According to Lollie Barr, the author of ‘Dealing with the black sheep in the family’, being a black sheep is a scenario many humans can relate to.

In her article, Joanne Corrigan, a clinical psychologist, says that to really understand what makes a black sheep tick, you need to look closely at the living, breathing organism that is the family system.

“Rather than simply blame the black sheep for being “different”, “difficult”, “moody” or “lazy”, we should focus on possible factors at play, such as gender, birth order,  the relationship between the parents, and the relationship the black sheep and their parents or siblings have,” she is quoted.


Children need to feel loved, regardless of how different they are. (Net photos)

“Black sheep often act out in problematic ways, but it comes from the emotional processes within the family. We all come from a family system where there is generally underlying tension, anxiety and dysfunction that is played out across generations. That is why family therapy is so useful when understanding an individual’s problems. You have to look deeper than just the individual.”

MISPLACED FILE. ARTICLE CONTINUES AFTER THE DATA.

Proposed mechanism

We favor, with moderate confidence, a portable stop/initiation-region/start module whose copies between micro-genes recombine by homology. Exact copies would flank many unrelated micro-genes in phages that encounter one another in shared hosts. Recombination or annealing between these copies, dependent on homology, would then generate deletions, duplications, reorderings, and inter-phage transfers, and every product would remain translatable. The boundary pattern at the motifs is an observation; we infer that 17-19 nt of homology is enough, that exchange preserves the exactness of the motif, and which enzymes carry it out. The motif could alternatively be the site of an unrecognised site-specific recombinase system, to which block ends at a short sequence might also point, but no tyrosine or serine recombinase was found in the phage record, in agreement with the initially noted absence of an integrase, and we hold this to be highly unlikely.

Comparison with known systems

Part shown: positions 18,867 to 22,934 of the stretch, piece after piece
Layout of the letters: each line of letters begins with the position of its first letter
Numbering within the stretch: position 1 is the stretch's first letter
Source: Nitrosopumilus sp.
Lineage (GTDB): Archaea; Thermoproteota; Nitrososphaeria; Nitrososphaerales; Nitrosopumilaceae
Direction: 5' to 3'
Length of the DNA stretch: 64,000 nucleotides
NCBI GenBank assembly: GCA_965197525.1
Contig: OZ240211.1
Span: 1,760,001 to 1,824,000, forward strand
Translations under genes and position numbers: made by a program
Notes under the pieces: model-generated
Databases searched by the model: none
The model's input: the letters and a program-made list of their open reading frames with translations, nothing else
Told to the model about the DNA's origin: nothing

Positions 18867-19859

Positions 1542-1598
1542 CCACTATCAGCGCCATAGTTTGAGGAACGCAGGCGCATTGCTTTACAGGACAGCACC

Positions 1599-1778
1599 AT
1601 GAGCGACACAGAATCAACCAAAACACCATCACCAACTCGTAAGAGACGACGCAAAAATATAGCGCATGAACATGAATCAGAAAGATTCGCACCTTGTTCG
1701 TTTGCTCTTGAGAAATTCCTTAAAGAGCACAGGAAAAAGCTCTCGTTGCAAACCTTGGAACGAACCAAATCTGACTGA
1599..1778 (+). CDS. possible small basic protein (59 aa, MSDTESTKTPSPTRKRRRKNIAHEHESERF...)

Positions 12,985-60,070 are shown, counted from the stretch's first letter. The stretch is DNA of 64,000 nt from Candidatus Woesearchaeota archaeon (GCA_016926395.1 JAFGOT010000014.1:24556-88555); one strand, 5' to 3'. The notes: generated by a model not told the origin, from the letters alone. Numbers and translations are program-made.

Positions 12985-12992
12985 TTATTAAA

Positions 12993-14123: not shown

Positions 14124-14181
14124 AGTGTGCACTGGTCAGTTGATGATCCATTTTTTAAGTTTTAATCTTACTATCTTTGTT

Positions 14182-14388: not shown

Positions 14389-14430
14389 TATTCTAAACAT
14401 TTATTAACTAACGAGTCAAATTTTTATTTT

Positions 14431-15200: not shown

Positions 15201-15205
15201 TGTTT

“Therapy can help make you aware of your behaviour and understand what your emotional triggers are. You have to ask yourself, ‘Why am I emotionally reacting?’, and once you understand and process the emotional reaction, instead of immediately reacting to it, it gives you a chance to have a rational response.”

Kagisha (not real name) has always been different from her siblings. From her appearance to her behaviour, every inch is an image of only her, and this gives her a sense of insecurity because every one notices her “oddness”.